FIG. 12 is a top view of the rotating hub assembly of FIG. 11;
FIG. 13 is a perspective view of an alternative rotating hub provided in this invention;
FIG. 14 is a perspective partially cut-away view of a further embodiment of a processing chamber provided by this invention;
FIG. 15 is an enlarged partial perspective view of the means by which the cutting blades of the processing chamber of FIG. 14 are secured to the rotating hub assembly;
FIG. 16 is an enlarged partial cross section of the point of attachment of the pivoting cutting blades to the rotating hub assembly of FIG. 15;
FIG. 17 is a top view of the inside of the cabinet of one embodiment of the invention to show the means to support and retain the waste processing flask and to handle any materials expelled from the waste processing flask during operation; and
FIG. 18 is a partial cross-sectional view of FIG. 17.
For the purposes of promoting an understanding of the principles of the invention, reference will now be made to the embodiments illustrated in the drawings and specific language will be used to describe the same. It will nevertheless be understood that no limitation of the scope of the invention is thereby intended, such alterations and further modifications in the illustrated device, and such further applications of the principles of the invention as illustrated therein being contemplated as would normally occur to one skilled in the art to which the invention relates.
Referring now to the drawings in detail, and particularly FIG. 1, a floor-mounted, mobile unit 11 includes a main cabinet 12 mounted on the top of a cart 13 which is movable along the floor 14, being supported on four casters 16, one at each corner. Referring now to FIG. 3, and regardless of whether a mobile cart 13 or a stationary counter top is the site for the present invention, it will include a support 17 which, in the illustrated embodiment, is rectangular in shape, framing a central opening 18 in which the waste treatment device is mounted according to the present invention. For this purpose, a rectangular frame 19, typically metal, is provided with an outwardly extending perimetrical flange 21 (FIGS. 2 and 4) and is mounted on the support 17 and may be secured to it in any suitable manner. The portions of frame 19 and flange 21 that are at the front of the machine are designated 19F and 21F. Frame 19 has a gusset 22 welded to it at each of the four corners of the frame. An isolation strap 23 having a front end 23F and rear end 23R is mounted to the frame gussets 22 at their respective ends by means of isolator couplings 24. An identical strap 25 and mounting arrangement is provided at the opposite side of the frame 19.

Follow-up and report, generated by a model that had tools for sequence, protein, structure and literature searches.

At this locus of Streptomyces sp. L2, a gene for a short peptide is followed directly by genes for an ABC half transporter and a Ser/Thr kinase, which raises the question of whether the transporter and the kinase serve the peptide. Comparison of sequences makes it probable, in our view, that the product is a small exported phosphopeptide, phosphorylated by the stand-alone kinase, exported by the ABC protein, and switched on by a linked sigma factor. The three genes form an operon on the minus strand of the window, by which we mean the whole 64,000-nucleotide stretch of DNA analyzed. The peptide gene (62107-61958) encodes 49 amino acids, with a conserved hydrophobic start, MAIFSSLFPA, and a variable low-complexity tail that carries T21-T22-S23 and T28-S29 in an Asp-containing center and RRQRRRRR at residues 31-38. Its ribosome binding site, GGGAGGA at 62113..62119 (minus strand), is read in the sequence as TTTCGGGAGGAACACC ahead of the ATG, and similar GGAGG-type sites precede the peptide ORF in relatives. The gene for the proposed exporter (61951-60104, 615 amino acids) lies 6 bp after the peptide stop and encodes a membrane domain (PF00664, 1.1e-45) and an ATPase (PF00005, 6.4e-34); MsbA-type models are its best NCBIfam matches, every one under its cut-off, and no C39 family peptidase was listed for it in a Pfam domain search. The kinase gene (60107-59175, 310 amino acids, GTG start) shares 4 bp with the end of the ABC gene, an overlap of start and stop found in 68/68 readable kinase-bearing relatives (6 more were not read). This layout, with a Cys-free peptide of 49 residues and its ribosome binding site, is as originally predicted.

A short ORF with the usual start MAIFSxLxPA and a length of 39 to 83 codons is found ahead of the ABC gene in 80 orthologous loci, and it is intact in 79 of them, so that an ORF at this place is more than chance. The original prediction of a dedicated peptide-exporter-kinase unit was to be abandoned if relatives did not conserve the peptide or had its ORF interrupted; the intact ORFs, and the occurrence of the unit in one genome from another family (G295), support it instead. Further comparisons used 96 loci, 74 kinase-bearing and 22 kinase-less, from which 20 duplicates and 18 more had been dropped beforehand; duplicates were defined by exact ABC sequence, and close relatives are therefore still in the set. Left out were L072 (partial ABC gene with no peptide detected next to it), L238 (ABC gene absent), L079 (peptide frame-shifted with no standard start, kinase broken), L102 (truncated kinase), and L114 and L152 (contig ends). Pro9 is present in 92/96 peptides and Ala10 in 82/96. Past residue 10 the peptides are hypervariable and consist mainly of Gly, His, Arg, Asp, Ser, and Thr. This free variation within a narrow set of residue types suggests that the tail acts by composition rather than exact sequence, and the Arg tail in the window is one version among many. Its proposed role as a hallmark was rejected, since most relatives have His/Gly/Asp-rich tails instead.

A motor mount plate 26 is mounted on top of the two straps, with four fasteners 27 securing each side of the plate to each of the two straps 23 and 25. In the illustrated example, the fasteners are socket head cap screws with nuts. This motor mount plate is generally U-shaped as shown best in FIG. 2. The motor 28, having a standard C-face 29, is fastened to the bottom center of the plate 26 by four socket head cap screws 31. The motor shaft 32 extends up through a central aperture 33 in plate 26 and is provided with a slinger ring 34 immediately above the plate 26. The motor shaft has a standard square keyway to receive a standard square key 37 in coupling 38 to which the key is secured by set screw 39. The upper end of the coupling 38 is provided with a 1/2 inch square cross section at 41.
The outwardly turned front and rear flanges 26F and 26R, respectively, of the motor mount plate support the main cabinet 12. The cabinet has a front wall 12F, and a rear wall 12R and is molded in one piece of fiberglass reinforced plastic with a generally centralized tub portion 42 which is generally rectangular in configuration as shown by the front and rear walls 43F and 43R, respectively, and the sidewalls 43 in FIG. 4. The floor 43B of the tub is secured to the outwardly extending flanges 26F and 26R of the motor mounting plate by four fasteners 44 through each of the flanges, these fasteners typically being socket head cap screw and nut assemblies.